QUESTION: But nothing will happen today?
MR. BURNS: Oh, I'm sure that something will happen today. I'm sure he'll
be meeting some American officials.
QUESTION: No, I mean, is he meeting somebody today?
MR. BURNS: He won't - well, I know he won't be seeing Secretary Albright
today because she is going up to Annapolis. But I will try to get back to
you with the schedule as soon as I can.
QUESTION: Did you say when there will be a replacement for Assistant
Secretary Gelbard in the Counter Narcotics Post?
MR. BURNS: Well, as soon as we can do it. You know, the appointment of
assistant secretaries and ambassadors is a labyrinthine process, and there
are many, many hurdles to jump over. It's a presidential appointment - when
the White House is ready to announce that, I'm sure they will do it.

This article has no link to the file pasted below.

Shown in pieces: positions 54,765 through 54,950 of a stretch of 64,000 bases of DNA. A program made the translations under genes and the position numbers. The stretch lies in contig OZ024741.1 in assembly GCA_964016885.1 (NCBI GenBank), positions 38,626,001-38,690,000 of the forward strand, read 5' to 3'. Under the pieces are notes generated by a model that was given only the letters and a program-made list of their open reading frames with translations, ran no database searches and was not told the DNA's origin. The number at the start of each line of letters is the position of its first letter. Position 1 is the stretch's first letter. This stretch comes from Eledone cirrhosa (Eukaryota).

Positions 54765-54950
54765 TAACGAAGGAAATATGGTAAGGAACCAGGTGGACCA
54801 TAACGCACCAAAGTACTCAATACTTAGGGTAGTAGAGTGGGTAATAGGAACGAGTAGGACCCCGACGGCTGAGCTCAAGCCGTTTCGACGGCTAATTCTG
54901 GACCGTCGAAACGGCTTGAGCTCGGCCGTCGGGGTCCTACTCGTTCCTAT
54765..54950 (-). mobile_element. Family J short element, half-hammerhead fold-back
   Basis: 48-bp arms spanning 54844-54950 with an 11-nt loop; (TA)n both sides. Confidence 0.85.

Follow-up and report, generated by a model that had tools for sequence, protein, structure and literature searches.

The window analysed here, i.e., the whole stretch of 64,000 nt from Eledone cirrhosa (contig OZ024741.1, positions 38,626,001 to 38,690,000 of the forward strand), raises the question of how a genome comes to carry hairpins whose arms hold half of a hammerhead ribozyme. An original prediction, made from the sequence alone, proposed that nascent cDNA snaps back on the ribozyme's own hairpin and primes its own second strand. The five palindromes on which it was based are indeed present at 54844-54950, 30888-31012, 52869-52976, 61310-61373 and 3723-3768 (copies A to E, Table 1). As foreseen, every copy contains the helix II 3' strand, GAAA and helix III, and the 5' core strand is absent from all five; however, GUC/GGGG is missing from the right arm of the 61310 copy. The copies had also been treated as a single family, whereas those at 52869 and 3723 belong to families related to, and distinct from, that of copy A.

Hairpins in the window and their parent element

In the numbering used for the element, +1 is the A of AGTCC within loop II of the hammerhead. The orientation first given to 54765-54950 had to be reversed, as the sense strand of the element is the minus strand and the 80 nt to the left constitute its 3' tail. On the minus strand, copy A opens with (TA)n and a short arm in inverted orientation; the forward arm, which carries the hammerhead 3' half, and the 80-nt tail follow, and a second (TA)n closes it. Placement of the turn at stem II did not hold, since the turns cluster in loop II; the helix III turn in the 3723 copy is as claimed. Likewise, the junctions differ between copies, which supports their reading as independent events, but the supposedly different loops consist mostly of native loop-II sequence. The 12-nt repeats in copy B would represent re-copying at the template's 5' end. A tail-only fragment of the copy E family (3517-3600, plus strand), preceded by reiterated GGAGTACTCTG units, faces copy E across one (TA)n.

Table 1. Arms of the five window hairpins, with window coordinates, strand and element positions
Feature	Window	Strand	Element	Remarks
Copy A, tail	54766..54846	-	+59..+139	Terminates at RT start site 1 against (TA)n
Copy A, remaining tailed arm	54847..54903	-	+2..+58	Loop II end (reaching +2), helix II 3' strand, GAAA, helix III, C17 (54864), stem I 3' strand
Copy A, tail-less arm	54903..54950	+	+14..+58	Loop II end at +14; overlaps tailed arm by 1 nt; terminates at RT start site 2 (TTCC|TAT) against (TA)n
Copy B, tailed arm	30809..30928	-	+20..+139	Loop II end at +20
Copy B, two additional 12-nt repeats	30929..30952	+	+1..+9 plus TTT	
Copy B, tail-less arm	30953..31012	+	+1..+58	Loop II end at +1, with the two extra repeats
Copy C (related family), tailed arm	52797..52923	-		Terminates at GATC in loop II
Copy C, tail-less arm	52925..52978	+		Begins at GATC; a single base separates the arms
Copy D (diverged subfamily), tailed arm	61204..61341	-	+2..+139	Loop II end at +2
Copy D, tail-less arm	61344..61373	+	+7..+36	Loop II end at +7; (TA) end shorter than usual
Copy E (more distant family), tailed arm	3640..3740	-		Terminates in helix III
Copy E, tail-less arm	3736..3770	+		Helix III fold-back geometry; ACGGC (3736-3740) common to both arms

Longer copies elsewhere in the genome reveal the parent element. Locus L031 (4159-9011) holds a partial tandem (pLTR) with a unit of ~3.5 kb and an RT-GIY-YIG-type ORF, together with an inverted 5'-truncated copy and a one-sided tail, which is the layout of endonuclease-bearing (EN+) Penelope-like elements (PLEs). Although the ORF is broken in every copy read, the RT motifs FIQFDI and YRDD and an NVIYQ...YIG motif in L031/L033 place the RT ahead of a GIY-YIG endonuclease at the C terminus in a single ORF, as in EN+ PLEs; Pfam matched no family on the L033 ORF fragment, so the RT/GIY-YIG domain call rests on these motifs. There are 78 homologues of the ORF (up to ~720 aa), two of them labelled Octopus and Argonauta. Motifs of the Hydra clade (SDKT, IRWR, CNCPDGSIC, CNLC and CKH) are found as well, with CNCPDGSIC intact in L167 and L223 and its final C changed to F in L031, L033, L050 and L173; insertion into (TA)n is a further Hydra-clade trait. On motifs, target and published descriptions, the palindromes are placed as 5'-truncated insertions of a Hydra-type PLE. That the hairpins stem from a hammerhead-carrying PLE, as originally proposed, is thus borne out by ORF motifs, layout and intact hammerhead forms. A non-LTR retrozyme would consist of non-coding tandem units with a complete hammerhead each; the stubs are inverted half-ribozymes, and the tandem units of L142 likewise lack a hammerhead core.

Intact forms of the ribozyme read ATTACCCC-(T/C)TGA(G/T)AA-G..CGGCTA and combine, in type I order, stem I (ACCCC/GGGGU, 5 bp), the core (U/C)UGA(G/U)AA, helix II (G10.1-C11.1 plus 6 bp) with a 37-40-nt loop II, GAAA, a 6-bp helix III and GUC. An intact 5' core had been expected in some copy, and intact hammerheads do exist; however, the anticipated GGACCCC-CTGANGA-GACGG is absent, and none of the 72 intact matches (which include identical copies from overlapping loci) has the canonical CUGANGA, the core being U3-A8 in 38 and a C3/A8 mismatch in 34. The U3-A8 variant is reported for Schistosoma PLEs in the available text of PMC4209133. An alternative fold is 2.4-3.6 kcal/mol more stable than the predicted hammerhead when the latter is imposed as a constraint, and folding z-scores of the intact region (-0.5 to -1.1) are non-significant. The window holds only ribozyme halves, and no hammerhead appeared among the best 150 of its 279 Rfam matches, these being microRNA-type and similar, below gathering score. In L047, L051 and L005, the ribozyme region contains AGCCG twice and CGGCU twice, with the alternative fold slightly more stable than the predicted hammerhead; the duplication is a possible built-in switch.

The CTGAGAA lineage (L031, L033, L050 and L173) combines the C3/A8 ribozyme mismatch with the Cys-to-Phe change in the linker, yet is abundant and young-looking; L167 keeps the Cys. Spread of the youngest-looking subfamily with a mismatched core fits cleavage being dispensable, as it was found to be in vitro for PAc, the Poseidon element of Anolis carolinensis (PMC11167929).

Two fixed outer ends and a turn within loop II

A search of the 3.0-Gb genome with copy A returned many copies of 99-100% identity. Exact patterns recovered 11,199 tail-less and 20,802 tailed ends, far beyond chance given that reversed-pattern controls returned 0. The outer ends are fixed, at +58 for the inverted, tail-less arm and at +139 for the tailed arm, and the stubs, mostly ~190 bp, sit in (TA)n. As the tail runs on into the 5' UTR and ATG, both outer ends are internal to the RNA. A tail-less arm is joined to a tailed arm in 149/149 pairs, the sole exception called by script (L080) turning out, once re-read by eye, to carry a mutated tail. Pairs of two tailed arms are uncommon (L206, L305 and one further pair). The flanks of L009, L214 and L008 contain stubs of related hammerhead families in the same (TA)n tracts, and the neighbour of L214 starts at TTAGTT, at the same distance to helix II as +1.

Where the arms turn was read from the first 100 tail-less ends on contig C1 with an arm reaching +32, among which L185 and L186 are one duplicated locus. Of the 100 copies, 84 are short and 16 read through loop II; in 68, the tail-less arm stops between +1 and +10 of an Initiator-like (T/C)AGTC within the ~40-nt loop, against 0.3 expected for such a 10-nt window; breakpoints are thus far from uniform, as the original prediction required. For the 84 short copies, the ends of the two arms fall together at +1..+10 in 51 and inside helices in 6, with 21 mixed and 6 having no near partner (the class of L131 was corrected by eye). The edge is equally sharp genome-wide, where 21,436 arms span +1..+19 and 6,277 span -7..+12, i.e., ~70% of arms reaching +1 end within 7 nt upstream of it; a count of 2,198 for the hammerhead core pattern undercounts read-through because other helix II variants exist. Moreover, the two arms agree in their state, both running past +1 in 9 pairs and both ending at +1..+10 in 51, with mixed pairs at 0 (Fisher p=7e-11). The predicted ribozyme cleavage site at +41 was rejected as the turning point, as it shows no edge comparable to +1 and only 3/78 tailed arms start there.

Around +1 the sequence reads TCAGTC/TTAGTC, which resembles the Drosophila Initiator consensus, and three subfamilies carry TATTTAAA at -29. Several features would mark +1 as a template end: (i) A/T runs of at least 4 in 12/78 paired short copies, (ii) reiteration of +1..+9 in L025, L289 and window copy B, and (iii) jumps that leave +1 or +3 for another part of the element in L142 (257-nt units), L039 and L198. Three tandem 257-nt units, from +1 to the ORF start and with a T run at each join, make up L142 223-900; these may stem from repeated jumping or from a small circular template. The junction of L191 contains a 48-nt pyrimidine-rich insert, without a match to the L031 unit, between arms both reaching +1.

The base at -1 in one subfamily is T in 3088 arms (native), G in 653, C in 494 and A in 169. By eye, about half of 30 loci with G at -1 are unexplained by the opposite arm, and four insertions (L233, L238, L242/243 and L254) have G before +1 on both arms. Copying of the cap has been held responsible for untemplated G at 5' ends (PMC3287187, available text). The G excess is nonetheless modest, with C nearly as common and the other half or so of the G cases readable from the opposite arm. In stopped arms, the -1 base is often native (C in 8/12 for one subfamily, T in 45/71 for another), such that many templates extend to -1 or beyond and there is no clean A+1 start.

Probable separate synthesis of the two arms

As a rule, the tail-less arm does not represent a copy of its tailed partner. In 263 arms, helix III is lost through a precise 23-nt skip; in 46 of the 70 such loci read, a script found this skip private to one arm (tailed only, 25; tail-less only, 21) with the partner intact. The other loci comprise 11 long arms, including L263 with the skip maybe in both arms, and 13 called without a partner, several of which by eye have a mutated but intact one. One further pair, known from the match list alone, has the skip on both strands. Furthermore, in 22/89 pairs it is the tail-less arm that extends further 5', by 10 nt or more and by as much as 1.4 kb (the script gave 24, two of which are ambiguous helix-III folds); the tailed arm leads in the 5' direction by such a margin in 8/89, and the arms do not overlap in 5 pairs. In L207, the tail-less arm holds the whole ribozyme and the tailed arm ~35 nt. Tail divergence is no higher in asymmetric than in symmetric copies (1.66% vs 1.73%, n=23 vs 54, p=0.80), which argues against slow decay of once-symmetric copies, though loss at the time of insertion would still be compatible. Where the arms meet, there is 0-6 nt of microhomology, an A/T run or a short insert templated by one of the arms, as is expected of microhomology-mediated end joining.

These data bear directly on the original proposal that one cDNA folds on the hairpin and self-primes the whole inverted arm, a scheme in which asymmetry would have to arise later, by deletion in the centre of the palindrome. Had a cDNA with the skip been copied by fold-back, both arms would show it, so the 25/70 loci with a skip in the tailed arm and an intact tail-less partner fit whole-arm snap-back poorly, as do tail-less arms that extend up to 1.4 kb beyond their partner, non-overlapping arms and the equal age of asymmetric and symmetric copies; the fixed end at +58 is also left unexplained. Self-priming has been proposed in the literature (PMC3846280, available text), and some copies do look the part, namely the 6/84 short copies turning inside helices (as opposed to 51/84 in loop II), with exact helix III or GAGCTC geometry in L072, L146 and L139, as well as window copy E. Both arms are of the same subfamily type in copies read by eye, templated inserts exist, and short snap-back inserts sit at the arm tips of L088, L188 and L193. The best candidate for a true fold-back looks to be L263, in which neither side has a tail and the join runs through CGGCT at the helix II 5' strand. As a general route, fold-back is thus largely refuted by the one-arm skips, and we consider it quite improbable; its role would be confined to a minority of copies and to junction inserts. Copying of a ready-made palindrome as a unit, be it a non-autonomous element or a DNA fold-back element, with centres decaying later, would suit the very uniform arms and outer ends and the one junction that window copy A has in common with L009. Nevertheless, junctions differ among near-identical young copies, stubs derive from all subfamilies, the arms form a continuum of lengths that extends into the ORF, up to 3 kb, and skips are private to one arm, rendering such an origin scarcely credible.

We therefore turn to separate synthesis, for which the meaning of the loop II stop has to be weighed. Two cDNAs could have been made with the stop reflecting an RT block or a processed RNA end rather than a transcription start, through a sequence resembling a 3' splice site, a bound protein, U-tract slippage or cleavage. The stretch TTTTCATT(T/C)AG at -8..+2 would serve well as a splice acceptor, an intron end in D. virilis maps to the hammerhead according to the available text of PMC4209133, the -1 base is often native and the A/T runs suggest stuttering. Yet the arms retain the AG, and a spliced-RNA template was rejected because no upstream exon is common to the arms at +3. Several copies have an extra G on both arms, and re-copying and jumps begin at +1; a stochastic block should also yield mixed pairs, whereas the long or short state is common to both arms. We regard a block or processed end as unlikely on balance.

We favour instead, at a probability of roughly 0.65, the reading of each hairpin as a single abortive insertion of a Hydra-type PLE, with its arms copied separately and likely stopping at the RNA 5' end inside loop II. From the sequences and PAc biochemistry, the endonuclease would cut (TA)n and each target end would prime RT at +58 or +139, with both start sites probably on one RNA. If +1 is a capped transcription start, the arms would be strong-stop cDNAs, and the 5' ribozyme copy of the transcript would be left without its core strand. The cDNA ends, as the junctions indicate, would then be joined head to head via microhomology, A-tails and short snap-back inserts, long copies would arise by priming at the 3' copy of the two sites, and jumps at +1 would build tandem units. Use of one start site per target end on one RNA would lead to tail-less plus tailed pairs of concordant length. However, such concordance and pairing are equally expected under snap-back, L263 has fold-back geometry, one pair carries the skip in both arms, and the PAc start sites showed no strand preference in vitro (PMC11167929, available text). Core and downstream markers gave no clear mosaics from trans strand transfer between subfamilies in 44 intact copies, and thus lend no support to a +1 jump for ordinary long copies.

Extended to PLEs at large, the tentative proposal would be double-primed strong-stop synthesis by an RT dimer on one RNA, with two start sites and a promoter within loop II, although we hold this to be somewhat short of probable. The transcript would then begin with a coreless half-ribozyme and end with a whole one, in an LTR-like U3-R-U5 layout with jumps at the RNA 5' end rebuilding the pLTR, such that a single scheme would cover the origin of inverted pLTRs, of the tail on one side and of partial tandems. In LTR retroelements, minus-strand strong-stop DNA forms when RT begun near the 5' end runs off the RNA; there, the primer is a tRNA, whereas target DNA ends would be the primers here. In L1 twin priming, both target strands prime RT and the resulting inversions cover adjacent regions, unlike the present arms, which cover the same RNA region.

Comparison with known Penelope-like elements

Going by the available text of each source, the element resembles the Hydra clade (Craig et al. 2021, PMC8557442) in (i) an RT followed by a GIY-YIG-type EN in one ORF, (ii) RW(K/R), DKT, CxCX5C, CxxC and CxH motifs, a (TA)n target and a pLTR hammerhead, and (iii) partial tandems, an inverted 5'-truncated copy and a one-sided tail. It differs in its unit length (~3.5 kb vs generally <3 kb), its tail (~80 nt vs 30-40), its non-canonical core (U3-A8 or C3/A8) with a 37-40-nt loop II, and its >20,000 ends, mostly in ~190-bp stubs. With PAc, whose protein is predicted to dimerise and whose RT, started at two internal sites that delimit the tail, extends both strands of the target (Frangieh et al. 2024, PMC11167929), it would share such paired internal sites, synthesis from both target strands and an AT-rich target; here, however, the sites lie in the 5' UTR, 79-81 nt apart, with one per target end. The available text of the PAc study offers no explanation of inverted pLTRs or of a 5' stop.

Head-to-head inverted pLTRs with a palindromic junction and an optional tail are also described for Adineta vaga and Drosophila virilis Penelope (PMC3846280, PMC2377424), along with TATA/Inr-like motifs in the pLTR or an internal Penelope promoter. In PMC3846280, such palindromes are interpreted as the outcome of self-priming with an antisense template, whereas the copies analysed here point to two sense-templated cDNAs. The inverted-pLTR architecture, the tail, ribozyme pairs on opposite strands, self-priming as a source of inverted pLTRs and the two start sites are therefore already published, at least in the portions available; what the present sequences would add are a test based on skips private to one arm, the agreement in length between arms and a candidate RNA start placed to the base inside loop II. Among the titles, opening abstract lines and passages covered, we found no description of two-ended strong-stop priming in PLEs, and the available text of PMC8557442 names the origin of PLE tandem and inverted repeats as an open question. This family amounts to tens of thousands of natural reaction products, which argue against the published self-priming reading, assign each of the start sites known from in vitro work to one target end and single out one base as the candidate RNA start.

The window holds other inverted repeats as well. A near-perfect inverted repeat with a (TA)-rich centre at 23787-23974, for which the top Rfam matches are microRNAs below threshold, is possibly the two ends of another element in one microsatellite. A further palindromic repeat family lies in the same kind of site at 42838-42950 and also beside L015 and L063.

The Secretary has, of course, focused on that issue because it's a big
hole. Bob Gelbard was an extremely effective and vigorous assistant
secretary on the narcotics and crime portfolios; and they are big shoes to
fill. And she is thinking - the Secretary is thinking very hard about the
best person to fill that job.
QUESTION: There has been some concern expressed that since Gelbard is
gone, since he was really the point person on the Colombia issue in
particular, that there might be an softening of the political line in
relationship to policy.
MR. BURNS: I don't expect any changes in our policy with Colombia on
narcotics. Our ambassador Myles Frechette has also been a very determined
advocate of the American position. But most importantly the President and
Secretary Albright set the American position, and they're still in
QUESTION: Iran. Can you comment on the Israeli report of the test firing
of a medium range Iranian missile designed to carry an unconventional - it
says unconventional war head - I presume that is nuclear? What does the
U.S. have to say about this?
MR. BURNS: What kind of Israeli report is this?
QUESTION: The Israelis reported that a 930-mile range missile was tested
by the Iranians -- one that could reach their nation with an unconventional
warhead is what it says. Do you have any comments?